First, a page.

Even on the longest of summer days the sun never lasts long on this narrow part of Upper Makaroro valley. In the fall and winter the afternoons grow short. Here I linger by the river, I am free to relish and roam this remote flat. The Makaroro rolls by gently, its song muted by the recent lack of rain. She starts to reveal her symphony, steady and beat keeping up on the calmer straighter end of the flat, then gathering into a higher string section gathering into the small rapid below, and releasing into a final crescendo below. From above an ominous wind reaches down from the high tops, out of sight far above, and rolls through the beeches and river grasses. I get to sit here the rest of this day and just Listen.

Makaroro river and pool across from the hut

The view down river from the flat in front of the hut

The Makaroro quietly rolls by.

Upper Makaroro
Late Afternoon

My son Charlie, 6, asked me a few days ago if I could "understand" birds because I whistle a lot, and in particular to the tui's which live amongst our little patch of unruly bush we call a yard. Charlie has learned to whistle and so has a lot of questions and observations about whistling. So I was sitting down here by the river thinking about that and I decided to practice my very bad imitation of a Whio call.

As if by fate, within 30 seconds a Whio came whistling around the corner of the above black and white photo, and flew directly over my head and landed at the upper end of the flat. I was stunned, I was shaking, it is the first Whio I have seen in over 2 years and I have missed their presence enormously. They, to me, represent the Heart and Soul of these mountains. They are reason enough for me to wander these mountains, to care for them, to love them. With tears in my eyes I crept quietly up the flat and just watched him, perfectly in sync and in tune with his mountain home. He flew off up river in that marvelous unerring flight, and even more to my delight flew back a few minutes later, followed by another pair! A few moments with the Whio. All the doubt and fear and worry I may have felt in my solo journey is now gone, these few moments have validated the other side of those emotions, and I am filled beyond words with Joy and Love for these mountains.

Whio above photographed by Pohangina Pete. More of Pete's outstanding photos can be viewed at , or his equally outstanding writing and photos at: .

The start of the track from the Makaroro river to the top of Parks peak ridge. In almost dead center on the dark beech is the next marker. A very steep climb of over 2 hours awaits. Through one of the most beautiful forest walks in the Ruahines.

It climbs.......

And climbs......

And climbs........

And then climbs some more.....

And finally there! The Makaroro now lies below and Parks Peak hut only a few minutes away. Time to boil the billy for a well earned cup of tea.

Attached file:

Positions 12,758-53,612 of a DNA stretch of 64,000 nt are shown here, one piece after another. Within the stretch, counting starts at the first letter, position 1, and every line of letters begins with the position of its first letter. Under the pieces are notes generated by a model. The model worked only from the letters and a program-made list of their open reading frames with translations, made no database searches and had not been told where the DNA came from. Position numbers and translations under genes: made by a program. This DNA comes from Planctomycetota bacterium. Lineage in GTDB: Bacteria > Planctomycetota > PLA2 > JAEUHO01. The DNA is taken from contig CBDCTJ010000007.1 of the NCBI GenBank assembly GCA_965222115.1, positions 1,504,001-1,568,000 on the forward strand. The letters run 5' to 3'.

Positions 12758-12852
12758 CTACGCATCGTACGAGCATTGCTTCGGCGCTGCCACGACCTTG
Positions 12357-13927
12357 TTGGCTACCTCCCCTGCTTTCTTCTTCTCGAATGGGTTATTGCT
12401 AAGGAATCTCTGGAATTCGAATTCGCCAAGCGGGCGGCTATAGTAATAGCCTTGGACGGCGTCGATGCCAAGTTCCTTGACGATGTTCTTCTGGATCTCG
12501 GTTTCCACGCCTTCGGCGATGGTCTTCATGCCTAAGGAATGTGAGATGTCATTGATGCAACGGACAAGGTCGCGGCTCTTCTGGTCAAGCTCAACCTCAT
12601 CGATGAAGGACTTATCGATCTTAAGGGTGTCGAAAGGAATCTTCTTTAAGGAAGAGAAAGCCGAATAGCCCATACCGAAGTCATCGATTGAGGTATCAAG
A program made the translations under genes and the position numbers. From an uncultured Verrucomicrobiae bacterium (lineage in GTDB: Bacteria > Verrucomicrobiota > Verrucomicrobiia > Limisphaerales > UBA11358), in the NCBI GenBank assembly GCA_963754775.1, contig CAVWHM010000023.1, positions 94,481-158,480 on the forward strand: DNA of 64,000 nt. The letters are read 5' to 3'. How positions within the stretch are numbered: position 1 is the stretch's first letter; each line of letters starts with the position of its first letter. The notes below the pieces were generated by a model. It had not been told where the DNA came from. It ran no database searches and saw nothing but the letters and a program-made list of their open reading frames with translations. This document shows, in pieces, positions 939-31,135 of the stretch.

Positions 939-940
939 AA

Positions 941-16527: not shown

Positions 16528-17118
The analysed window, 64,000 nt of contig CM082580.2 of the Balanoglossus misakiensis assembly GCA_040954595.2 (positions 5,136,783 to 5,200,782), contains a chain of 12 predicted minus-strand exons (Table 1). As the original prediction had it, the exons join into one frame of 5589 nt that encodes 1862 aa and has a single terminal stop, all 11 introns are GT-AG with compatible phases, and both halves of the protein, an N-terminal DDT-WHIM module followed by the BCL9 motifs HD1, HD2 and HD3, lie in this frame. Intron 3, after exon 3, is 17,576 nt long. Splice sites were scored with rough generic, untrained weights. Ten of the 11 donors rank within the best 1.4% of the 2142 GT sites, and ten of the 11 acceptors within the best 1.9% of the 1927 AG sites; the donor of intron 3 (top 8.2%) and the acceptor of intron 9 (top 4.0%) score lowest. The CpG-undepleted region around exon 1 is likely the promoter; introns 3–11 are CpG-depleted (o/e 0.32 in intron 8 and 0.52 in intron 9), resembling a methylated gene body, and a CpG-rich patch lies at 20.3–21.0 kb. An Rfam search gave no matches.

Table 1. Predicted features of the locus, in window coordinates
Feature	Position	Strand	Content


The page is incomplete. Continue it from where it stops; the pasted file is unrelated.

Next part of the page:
"Makaroro Climb"

I roamed high above the pristine waters
the whio's domain still within
as up hard and relentlessly I am pulled
till the river is but a gentle murmur far below
and the forest emerges and encompasses my soul
Shafts of sunlight paint colours
beyond my words
Stunted beech hold their weary appendages to the sky
beseeching but never yielding
to the familiar brutal gales
even now whistling high above
Cold, snow, and sleet greet my presence here
and I meet the rough and beautiful leatherwood
the most resilient of all
I roam amongst this place and smile
These last few moments mine alone
and I look down upon this intimate Journey

Pete and Adam getting stuck into chopping and sawing firewood. A hut bound day for hunters with gale like nor'west winds, and a storm about to blow in.

Moss and lichen covered stunted beech, a stunning feature of this damp and wind blown ridge.

Stunted beech forest and track on Parks Peak ridge near the hut.

The storm rolls in over the main Ruahine range.

This guy accompanied me the whole time. He didn't say much but was a pretty good guy. I liked him!

8 April Parks

Parks Peak

The sun sets on this day, on this trip. I have been wandering around outside all through this stormy day just being amongst the mountain paradise and this magical place. It is easy enough to retreat back to the hut for hot cup of tea or soup, then head out again. The wild weather just adds to the ambience. I have had moments of doubt and moments of unequaled joy. Moments to reflect upon already as I sit here writing by candle light gazing out the window of Parks peak hut and upon this place I love so much. She whispers gently in my ear.


p.s. - To those whom may read here and took the time to read and sign our petition against the Puketoi wind farm project I offer my humble thanks and gratitude. The project has been defeated and I firmly believe we helped create awareness. As Abbey wrote, "We stand for what we stand on". Kia kaha!